When left outside, weapons should be readily accessible, guarded, and sheltered where ice and snow will not get into the working parts, sights, or barrel. Because the condensation process will continue for about an hour after a weapon is taken inside a warm shelter, wait until the sweating stops before beginning cleaning. Once you’re inside the shelter, keep your weapon near the floor to minimize condensation. In addition, keeping the interior of the shelter close to 32 degrees Fahrenheit will minimize condensation and also prevent Soldiers from overheating. When you move back into the cold, you should manually operate your weapon by pulling the charging handle to prevent the internal parts from freezing. Charge the handle several times during the first five minutes after leaving a warm shelter. Make sure you don’t inadvertently load the weapon and have a negligent discharge.

When you clean your weapon, completely strip it and use a solvent that won’t leave a residue to remove all lubricants and rust-prevention compounds. Once your weapon is clean, use a lubricant that won’t thicken and cause your weapon to operate sluggishly or jam. Use Lubricant, Arctic Weapon (LAW) rather than BreakFree CLP in all weapons except the M249 Squad Automatic Weapon and M2 .50 caliber machine gun. Remember to use lubricants sparingly.

Another consideration is your battle-sight zero. You should battle-sight zero your weapons in the area where you’re going to use them. Temperature, elevation, and atmospheric pressure all affect where the round hits and how the weapon operates. A common error is to battle-sight zero your weapon at home station, and then deploy to a different area and wonder why your weapon isn’t shooting to the point of aim. If you want to accurately engage your enemy with precision, then battle-sight zero your weapon in the area of operation.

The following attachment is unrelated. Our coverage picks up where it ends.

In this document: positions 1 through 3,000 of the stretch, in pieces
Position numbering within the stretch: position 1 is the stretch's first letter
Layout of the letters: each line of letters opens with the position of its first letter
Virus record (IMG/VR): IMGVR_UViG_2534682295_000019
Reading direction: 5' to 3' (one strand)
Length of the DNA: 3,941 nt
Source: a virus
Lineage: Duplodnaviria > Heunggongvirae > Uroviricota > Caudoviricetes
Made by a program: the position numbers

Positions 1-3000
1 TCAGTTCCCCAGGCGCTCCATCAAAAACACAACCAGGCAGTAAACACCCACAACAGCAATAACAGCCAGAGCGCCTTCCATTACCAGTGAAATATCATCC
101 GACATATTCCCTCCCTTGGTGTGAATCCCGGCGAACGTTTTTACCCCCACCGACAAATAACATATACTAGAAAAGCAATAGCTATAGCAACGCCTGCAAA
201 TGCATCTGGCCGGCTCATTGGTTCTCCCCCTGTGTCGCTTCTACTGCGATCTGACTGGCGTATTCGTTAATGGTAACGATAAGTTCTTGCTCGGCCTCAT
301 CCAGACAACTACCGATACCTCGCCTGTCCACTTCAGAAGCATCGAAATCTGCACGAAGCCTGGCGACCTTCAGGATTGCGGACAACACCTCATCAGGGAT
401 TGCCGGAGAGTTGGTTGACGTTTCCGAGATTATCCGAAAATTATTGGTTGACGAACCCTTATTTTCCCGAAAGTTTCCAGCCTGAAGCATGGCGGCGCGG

These are only some of the things you need to consider when operating your weapon in a cold climate. We will continue to operate in cold weather environments worldwide, and we must be able to maintain our weapons in any climate. Including the basic lessons in this article in your pre-deployment training plan will help ensure you and your Soldiers are battle ready!

Contact the author at the Training Division, Army Mountain Warfare School, at (802) 899-7221 or via e-mail at

A Long and Chilly Trail


Maryland Army National Guard

I couldn’t have been prouder of myself. It was the perfect plan, or so I thought. I would later realize that failing to consider the risk management process almost cost me my life.

It was a beautiful spring day in April, with an expected daytime temperature of around 60 degrees. I was looking forward to graduating from my state’s Officer Candidate School in a few months. Only one thing was standing in my way—the 12-mile road march. I wanted to give the actual course a try, and this would be my only opportunity for a “dry run” before the timed event.

I started out alone on the course, which followed a canal in western Maryland. I didn’t see any other hikers most of the day. The hike hardly seemed like work, and I was having a great time. But it wasn’t the great weather, the canal and river winding its way through the mountains, or the occasional turkey that made this trip memorable. The “memorable” part would come later.

I finished the course with plenty of time to spare, so I sat down to eat and take in more of the scenery. As I relaxed, I marveled at how well I’d planned and executed this one-man mission. I’d examined the route, planned what supplies to bring, and even put a bicycle at the route’s end to ride back to my car. The expected events I’d planned for, but I’d failed to consider the unexpected.

I hadn’t expected to get such a late start that day. When I finished the course, there was only an hour or two of daylight left. I also hadn’t anticipated traveling back at night. And on this particular night, forecasters were warning of frost and temperatures dipping into the teens.

As the light faded and the temperature dropped, my plan began to unravel. The dark and cold made riding the bicycle on the trail difficult and dangerous. I soon had to get off and walk the bike. Suddenly, the original 12 miles I was supposed to walk became 24.